stay safe when selling your home
When your house goes on the market, you’re not only opening the door to prospective buyers, but also to unknown vendors and naive or unqualified buyers.
As with any business transaction, there is an expected protocol to how sellers, buyers and their respective agents interact. Should you find yourself in a sticky situation, alert me immediately so I can address and remedy the problem.
The aggressive agent
Typically my promotional materials state clearly that we are the primary contact for buyers and buyers’ agents. However, sometimes a buyer’s agent will contact a seller directly to try to either win over their business or cut the seller’s agent out of the deal. This is not reputable behavior and you should report it to me immediately if it happens to you.
The unscrupulous vendor
Have you ever started a business or moved into a new house and suddenly found your mailbox full of junk mail? Unfortunately, this also can happen when you put your house on the market. When you sell your home, it necessitates all kinds of new purchasing decisions and less-than-ethical vendors are keenly aware of this. Though MLS organizations enforce rules on how posted information is used, some companies have found ways to cull information from various sources to produce mass mailing lists. If you find yourself regularly emptying your mailbox of junk, let us. I’ll tap the appropriate sources to prompt an investigation into the matter.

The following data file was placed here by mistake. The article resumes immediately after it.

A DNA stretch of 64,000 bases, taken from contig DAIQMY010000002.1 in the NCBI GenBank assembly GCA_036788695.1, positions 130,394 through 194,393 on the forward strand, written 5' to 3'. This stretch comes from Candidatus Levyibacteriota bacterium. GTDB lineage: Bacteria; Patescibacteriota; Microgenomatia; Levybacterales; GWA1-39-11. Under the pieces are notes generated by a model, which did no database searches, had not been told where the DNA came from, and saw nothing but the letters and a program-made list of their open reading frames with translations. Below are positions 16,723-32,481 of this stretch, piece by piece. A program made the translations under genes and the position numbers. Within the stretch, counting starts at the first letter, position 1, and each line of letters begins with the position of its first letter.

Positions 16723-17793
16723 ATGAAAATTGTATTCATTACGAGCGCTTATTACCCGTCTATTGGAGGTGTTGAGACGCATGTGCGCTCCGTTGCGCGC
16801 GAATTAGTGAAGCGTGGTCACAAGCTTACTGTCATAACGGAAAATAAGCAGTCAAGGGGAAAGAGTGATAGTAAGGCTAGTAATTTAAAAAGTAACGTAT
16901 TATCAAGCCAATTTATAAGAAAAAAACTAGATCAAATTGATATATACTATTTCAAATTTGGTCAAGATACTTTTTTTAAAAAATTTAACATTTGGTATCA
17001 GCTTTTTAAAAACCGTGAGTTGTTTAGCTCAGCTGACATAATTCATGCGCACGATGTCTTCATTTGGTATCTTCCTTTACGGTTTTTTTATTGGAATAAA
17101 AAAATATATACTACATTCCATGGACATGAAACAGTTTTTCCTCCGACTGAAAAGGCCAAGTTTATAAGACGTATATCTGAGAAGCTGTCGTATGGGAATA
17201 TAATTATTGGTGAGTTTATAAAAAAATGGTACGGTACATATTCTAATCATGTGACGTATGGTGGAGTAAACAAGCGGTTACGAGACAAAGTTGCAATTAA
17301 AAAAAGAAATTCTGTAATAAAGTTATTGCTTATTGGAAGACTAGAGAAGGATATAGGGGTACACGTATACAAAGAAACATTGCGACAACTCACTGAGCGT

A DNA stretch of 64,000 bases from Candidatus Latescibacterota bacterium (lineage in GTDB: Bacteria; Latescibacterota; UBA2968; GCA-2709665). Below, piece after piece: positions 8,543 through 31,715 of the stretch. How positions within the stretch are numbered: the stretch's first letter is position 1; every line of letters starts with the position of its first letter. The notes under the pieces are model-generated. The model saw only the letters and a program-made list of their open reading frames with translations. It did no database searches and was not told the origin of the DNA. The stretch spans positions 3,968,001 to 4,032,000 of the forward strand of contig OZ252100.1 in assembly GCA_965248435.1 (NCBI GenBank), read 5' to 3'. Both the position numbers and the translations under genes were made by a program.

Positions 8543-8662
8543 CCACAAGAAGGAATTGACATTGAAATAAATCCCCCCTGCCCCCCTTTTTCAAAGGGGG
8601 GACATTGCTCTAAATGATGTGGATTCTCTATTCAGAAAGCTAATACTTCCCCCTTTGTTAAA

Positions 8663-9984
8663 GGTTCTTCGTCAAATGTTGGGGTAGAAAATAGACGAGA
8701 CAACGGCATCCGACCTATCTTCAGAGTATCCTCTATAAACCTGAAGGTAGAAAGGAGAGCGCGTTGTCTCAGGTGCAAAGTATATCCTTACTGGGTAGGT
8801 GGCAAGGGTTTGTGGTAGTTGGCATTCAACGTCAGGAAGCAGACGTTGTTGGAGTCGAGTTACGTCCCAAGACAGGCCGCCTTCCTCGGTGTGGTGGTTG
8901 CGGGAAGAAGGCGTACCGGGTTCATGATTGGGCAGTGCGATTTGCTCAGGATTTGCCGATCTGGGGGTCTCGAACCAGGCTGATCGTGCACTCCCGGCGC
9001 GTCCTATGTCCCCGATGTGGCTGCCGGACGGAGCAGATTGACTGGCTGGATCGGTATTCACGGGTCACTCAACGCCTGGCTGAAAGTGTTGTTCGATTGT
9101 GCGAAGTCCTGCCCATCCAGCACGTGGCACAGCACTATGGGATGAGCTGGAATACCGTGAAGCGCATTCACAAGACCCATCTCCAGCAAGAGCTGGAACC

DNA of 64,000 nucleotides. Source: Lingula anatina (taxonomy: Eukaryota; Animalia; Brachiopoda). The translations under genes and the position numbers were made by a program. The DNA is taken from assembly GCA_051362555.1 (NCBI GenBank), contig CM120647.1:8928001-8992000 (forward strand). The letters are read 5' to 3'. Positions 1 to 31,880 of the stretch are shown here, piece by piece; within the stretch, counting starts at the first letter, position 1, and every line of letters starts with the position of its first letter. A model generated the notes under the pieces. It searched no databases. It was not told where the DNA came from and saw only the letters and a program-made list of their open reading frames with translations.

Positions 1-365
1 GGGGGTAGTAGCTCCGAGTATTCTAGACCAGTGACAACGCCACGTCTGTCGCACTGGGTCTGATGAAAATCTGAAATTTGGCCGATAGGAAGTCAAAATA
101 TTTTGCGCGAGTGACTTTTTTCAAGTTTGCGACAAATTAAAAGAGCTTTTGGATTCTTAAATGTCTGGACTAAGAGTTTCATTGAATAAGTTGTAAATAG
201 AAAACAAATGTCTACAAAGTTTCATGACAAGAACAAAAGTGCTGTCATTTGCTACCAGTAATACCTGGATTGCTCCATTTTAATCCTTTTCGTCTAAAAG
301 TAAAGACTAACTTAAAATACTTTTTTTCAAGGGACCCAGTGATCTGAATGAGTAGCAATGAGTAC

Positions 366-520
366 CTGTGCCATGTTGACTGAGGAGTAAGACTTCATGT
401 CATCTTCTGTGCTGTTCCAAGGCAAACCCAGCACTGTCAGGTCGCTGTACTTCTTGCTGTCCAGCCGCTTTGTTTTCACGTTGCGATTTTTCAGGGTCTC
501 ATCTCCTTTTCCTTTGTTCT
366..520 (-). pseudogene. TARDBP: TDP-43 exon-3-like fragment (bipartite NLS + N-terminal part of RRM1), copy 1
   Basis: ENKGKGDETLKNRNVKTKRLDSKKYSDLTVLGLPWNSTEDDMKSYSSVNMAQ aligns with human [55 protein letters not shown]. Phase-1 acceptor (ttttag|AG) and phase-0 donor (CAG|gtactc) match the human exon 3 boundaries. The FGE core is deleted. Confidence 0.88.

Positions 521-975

The naive buyer
Yard signs, Internet listings and other advertisements can generate a lot of buzz for your home – that’s our goal! Some prospective buyers – particularly first-timers – may be so excited to see your home that they’ll simply drop by. If this happens, no matter how nice these unexpected visitors are, it’s best not to discuss your home or give an impromptu tour. Instead, politely let them know that I’ll schedule home tours, and give them my contact information. If you attempt to handle these surprise visits on your own, you may very well find a ‘naive’ buyer has caused you to inadvertently disclose information that could hurt you during negotiations down the road.